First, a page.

Review: Captain America: Civil War

By Christian DiMartino

I’ve like pretty much all of the films from Marvel’s MCU (is that right? Not sure). I normally find myself being too generous to them most of the time, and I don’t even care. I may be being too generous once again to the latest entry, Captain America: Civil War, but I’ll be damned: I could barely find a problem with it.

Sure, if I sat there and analyzed it for a few hours, then yeah, I probably wouldn’t be so generous. But for now, I’m judging from the experience itself. So, yes, Captain America: Civil War is a knockout. A thrilling power punch that is easily the best of these films.

Yes, it’s a big, fat, overstuffed and overlong film, but yet directors Anthony and Joe Russo, who helmed the previous Captain America: The Winter Soldier, juggle so many storylines and characters that you have to admire it. Yeah, the previous Avengers films have accomplished the same thing. But this one is just uh… better.

Alright, so where to begin? Well, this film manages to tackle a similar topic approached in the mediocre Batman vs. Superman: Dawn of Justice. The film opens with a fight, as you’d assume. However, the fight, as cool as it might be, doesn’t end up completely triumphant. Civilians are killed, property destroyed, etc. So it is then that General Ross (William Hurt, briefly) proposes an idea, basically restricting the Avengers. Tony (Robert Downey Jr., in probably his best turn in the role) is all for it, as he sees that they have been dangerous in the past. Captain America (Chris Evans, also strong in the role), to quote Hall & Oates, can’t go for that. No. No can do.

That’s just one of the many stories here.

Then, Cap is basically trying to protect his best friend, Bucky (Sebastian Stan), who we now know as the murderous Winter Soldier. So due to this, and Cap’s opposition against the restrictions, Cap and Iron Man are pretty much forced to turn on each other. But they’re not alone. On Team Cap, we have Falcon (Anthony Mackie, a scene stealer), Ant-Man (Paul Rudd, another scene stealer), Scarlett Witch (Elizabeth Olsen), Hawkeye (Jeremy Renner), and… I think that’s it. On Team Iron Man, we have Black Widow (Scarlett Johansson), The Vision (Paul Bettany), War Machine (Don Cheadle), and the new additions: Spider-Man (the wonderful Tom Holland) and Black Panther (Chadwick Boseman).

So, keep all that in mind… there’s more. There’s also an evil plan involving a dude named Zemo (Daniel Bruhl), who is actually a part of the push for them to turn against each other. Then also keep in mind that they have to take time to introduce Spider-Man and Black Panther. For those of you who were worried about Holland as Spider-Man (I had faith because of his excellent performance in The Impossible), have no fear. He completely hits it out of the park in his brief time. And Boseman is just a strong actor as it is. No need to worry.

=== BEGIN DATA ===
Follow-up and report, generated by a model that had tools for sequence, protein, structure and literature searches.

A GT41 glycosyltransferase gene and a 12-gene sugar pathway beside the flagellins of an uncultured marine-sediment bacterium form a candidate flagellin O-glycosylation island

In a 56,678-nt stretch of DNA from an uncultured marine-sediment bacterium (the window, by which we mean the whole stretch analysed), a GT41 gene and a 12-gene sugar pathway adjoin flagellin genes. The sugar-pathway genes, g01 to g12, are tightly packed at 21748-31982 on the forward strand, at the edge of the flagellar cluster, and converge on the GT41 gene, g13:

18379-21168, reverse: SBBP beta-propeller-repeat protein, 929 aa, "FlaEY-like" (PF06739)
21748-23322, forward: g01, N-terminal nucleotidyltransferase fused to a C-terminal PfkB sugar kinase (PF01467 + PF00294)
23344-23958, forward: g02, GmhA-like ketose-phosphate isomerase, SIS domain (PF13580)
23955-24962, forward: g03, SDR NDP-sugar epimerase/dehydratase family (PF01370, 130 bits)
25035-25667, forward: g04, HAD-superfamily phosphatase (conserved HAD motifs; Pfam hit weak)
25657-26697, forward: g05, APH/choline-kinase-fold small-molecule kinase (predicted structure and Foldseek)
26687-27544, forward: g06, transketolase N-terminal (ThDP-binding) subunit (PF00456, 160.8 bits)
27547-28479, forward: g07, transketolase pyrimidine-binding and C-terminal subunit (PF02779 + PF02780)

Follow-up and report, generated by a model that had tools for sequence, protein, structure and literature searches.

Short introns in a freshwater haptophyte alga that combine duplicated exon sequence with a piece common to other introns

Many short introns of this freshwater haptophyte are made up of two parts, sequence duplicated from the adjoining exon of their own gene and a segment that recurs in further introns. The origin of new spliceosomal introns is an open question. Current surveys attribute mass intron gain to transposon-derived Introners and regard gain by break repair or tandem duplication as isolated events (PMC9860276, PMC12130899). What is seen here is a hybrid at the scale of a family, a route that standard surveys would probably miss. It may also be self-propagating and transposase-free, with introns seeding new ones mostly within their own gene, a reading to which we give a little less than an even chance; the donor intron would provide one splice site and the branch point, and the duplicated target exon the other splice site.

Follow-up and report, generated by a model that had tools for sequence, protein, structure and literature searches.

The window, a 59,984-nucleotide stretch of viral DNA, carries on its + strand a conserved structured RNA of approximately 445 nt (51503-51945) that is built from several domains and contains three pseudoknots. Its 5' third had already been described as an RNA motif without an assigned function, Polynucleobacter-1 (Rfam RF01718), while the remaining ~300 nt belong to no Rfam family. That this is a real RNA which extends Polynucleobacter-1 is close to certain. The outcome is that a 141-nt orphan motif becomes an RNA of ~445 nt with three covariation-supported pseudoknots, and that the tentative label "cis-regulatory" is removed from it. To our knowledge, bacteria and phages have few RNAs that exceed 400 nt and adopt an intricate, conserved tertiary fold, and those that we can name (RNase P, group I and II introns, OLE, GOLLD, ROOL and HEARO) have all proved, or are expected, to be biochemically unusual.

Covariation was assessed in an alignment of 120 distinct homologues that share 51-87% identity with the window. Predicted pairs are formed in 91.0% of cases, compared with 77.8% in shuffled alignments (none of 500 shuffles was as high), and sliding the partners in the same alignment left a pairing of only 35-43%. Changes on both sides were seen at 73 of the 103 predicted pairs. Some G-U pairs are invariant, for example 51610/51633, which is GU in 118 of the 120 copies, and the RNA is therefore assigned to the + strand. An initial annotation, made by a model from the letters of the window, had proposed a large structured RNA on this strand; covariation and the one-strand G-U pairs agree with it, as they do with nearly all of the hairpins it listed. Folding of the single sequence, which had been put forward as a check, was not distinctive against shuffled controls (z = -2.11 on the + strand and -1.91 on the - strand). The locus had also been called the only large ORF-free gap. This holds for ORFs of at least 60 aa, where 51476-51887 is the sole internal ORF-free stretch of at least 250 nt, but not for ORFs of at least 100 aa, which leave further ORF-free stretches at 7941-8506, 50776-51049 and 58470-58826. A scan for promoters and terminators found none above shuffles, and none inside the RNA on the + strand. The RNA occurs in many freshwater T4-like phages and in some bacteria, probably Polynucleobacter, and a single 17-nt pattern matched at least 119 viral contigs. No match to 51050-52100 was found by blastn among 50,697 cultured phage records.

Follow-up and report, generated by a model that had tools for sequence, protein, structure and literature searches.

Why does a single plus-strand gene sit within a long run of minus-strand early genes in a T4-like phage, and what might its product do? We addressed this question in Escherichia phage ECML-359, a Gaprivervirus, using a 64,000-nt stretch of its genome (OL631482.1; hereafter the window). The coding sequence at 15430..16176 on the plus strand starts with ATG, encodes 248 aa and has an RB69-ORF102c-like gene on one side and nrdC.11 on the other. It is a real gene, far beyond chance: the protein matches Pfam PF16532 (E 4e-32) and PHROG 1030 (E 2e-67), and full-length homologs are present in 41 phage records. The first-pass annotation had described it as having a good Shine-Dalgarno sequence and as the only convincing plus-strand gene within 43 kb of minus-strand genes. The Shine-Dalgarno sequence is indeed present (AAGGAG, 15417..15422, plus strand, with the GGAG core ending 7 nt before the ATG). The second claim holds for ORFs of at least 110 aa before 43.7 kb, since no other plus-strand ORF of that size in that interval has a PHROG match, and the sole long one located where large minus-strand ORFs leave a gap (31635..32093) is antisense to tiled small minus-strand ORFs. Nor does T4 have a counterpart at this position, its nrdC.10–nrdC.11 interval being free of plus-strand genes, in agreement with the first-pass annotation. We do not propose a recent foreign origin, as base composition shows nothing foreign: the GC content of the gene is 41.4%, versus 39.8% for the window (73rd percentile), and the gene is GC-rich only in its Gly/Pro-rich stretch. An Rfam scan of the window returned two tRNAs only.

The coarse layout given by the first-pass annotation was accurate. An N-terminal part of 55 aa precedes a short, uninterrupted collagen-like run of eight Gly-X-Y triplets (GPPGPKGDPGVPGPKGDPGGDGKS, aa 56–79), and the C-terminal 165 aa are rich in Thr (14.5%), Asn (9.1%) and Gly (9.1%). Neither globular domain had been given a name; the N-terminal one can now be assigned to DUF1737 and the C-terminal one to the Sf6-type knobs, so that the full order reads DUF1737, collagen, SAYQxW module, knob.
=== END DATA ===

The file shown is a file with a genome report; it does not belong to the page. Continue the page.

I told you this was an overstuffed movie, and occasionally I admit that I was scrambling to figure out what the hell was going on. But yet all of these storylines are woven together with such skill. In another movie, it might seem slapped together. But here, it just comes naturally.

I thought I was finding myself getting tired of these films, mostly because they kind of seemed like the same thing over and over again. As much as I enjoyed them, I have to note that even when everything felt at stake, nothing actually felt at stake. I always figured the team would go home at the end of the night. This time, however, it doesn’t feel that way, and maybe that’s why it’s better. You actually feel something at stake, and while it has plenty of funny moments to go around, this one feels a tad darker than before. I think a push to the darkside was just what this franchise needed.

The great cast is definitely up to the challenge, as usual. The visual effects are dazzling. The action sequences are a knockout, and I noted something rare as the airport battle unfolded: I normally find myself getting bored during big, extended fights, but yet every moment in that fight is either hilarious or just plain cool. As for the other fight sequences, I was always in awe by just how fast everything and everyone moved. The other movies are like that too, but it took me by storm this time. As did the plot turns. I also liked how they finally pointed out the civilian casualties thing, as that has been lingering in my mind for eight movies now.

Pretty much the entire time I was watching Captain America: Civil War, I had a 3 and a half star rating in mind. But yet once it was over, I asked myself: Why the half star reduction? What is really wrong with it? Considering we get one of these movies every year now, this is about as awesome as you could ask for. While no comic book movie will ever match The Dark Knight, you can’t help but admire one that tries.

My faith is restored.

 

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